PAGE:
Sports

Levy could decide fate of South Kitsap's ailing track

"A huge blow was dealt to South Kitsap High School when a Seattle-based civil engineering firm deemed the school's 10-year-old running track unsafe for competition.Don Hogan, a civil engineer whose firm developed Safeco Field, made a visit to the track a couple weeks ago and told school officials the track needed to be closed to competition.The SK track and field team has canceled its own invitational, which was scheduled for today, and the Narrows League junior varsity championships have also been canceled.The Wolves also had to cancel their April 20 dual meet with Capital, and will compete with that school in a double dual meet April 27.Facilities and maintenance director Tom O'Brien said the school district knew for some time the track has needed replacement. Before Hogan's analysis, O'Brien said plans were in the works to demolish the track and build a new one this summer.O'Brien said last year's district budget committee allotted money for a new track.The problems with the track are numerous.O'Brien said the track, which has a red rubber latex surface, was installed 10 years ago for roughly $85,000.The cost for a new track will run $200,000 to $300,000, and those are conservative numbers, O'Brien said.Signs have been posted around the track, warning runners to be aware of hazards on the track.All hazardous spots are marked with painted yellow circles.O'Brien said Hogan concluded the track was not built correctly for drainage, causing many spots on the track to form puddles. Water damage has weakened the rubber latex, which has eroded or been torn away over the years.Currently, the high school team, the South Kitsap Jaguars youth track club, and anyone in the community may continue to use the track for non-competitive purposes. But races have been eliminated.You can still jog on it, and if it's a supervised practice, it's okay, O'Brien said. We just don't want the highly intense running you get in competitions.While plans are in the works to purchase a new track, O'Brien said a failure of the school district's maintenance and operations levy could alter the district's plans.Fortunately for the district, there will be no waiting game, because the results of the levy election will be announced Tuesday night.The tricky thing for me is the financing in the event of a levy failure, O'Brien said. If it fails, then we have to think about using the money we have for new roofs for example.O'Brien said he thinks he has enough money for a new track (right now), and said there is no question the facility needs to be fixed.The truth is, the track is never going to be the most important thing, but it needs to be done. he said. Right now, my intention is to do this job. I'm hoping I don't have to make the decision.SK track coach Ed Santos said the track dilemma isn't isolated to his team.This affects the public, junior highs and PE classes, Santos said. You can see people running on it in the mornings and evenings.Santos said the track's condition is shocking.When you go outside and really take a look, you are amazed about how bad of shape it is in, he said.Santos said the levy will probably decide the use of the track by the high school team and others for years to come.Who knows, he said. Worst case scenario, we'd have to train elsewhere and have all away meets.Brian Holt, associate principal who oversees SKHS athletics, said decisions on the track will hinge on the levy.If the levy doesn't pass, I don't think we're going to have anything done with the track, Holt said. I don't see us having it next year.There are no alternative sites in Port Orchard.Cedar Heights is the only junior high in the district with a track, and it is not a high school-level facility.In an Independent story about lack of track facilities last summer, district superintendent Bill Lahmann said the only way the district could pay for new tracks is if the expense is written into the levy. He suggested school student bodies could raise money, like Whitman Junior High did for its $65,000 baseball field.But it could be apples and oranges with tracks, since the cost of a track is almost double the cost of a baseball field.As for raising money privately, O'Brien said,That would be a lot of car washes."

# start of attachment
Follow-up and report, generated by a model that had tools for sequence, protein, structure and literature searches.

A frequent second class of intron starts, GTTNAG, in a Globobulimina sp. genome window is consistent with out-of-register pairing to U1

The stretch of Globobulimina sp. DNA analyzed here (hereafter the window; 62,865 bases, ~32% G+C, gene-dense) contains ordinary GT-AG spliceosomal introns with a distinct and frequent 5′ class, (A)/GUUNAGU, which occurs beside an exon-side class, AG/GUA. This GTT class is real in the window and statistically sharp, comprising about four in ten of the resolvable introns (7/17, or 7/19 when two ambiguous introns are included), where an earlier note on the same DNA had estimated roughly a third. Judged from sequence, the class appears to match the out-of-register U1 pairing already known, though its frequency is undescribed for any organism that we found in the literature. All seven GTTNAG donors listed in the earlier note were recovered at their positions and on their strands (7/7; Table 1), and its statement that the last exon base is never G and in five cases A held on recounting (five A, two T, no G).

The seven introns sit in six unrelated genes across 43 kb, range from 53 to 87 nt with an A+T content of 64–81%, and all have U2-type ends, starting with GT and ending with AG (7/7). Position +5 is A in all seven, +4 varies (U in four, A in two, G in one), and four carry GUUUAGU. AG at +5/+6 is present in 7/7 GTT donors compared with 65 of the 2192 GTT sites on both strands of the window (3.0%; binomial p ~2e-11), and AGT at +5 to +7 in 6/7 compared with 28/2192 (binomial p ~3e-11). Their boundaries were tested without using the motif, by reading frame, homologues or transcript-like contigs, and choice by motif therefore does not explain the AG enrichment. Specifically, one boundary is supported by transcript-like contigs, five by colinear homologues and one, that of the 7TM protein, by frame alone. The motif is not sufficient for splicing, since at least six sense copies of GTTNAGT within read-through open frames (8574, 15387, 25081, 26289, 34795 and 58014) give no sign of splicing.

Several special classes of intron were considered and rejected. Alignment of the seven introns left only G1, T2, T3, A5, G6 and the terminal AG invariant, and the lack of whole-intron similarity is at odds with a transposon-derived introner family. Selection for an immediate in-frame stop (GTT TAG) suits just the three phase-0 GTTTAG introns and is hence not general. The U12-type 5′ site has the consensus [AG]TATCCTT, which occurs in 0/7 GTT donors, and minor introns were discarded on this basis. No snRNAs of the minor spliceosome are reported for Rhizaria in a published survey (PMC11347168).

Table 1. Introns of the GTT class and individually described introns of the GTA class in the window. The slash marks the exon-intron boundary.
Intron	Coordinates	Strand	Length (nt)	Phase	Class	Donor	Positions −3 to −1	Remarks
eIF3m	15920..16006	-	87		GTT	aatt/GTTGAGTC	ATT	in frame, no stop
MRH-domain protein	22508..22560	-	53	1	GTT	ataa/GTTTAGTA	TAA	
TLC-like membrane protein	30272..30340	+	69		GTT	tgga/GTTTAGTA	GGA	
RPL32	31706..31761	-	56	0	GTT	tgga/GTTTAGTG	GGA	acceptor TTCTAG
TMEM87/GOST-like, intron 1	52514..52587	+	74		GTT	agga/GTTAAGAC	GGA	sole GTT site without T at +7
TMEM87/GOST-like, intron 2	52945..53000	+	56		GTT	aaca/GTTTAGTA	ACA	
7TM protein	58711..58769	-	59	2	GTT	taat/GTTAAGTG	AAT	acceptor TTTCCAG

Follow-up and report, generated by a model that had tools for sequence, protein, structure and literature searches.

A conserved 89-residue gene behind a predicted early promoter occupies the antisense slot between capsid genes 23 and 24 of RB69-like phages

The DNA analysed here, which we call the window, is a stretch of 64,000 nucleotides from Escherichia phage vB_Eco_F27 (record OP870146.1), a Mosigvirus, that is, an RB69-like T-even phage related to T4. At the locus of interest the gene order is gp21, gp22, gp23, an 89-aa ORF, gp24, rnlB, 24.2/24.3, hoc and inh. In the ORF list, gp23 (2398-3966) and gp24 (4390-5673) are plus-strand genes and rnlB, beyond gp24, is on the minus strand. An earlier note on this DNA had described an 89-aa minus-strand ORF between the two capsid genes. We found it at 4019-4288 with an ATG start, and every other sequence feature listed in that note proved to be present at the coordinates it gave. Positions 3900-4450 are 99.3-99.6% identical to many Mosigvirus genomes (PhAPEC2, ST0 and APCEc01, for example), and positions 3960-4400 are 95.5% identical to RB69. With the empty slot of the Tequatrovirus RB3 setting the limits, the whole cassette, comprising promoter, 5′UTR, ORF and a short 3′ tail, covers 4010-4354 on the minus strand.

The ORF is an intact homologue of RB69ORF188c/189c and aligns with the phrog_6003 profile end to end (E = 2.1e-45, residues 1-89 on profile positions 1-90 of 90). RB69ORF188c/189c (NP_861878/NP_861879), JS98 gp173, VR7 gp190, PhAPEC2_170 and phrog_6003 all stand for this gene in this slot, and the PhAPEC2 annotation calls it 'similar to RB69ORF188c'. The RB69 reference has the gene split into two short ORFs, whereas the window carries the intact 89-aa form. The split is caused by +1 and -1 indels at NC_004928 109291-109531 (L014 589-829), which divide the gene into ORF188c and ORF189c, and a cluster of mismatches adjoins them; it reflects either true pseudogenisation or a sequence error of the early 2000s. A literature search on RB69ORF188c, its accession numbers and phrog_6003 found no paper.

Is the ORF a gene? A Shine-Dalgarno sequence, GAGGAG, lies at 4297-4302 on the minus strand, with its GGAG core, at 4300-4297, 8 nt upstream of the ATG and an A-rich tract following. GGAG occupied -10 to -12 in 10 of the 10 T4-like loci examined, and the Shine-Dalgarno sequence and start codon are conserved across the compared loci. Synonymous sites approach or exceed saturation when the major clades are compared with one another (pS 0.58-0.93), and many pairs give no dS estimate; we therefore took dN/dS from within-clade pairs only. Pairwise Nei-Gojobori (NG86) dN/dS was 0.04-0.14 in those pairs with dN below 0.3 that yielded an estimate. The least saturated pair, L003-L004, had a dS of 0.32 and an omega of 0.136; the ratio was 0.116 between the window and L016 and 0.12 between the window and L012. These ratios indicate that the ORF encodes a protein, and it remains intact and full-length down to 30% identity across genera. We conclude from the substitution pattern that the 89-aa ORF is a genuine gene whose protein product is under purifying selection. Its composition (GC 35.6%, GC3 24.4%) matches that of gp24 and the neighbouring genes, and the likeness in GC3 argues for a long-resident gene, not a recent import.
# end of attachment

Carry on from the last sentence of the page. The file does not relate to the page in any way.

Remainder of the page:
We encourage an open exchange of ideas on this story's topic, but we ask you to follow our guidelines for respecting community standards. Personal attacks, inappropriate language, and off-topic comments may be removed, and comment privileges revoked, per our Terms of Use. Please see our FAQ if you have questions or concerns about using Facebook to comment.
blog comments powered by Disqus

Read the Dec 19
Green Edition

Browse the print edition page by page, including stories and ads.

Browse the archives.

Friends to Follow

View All Updates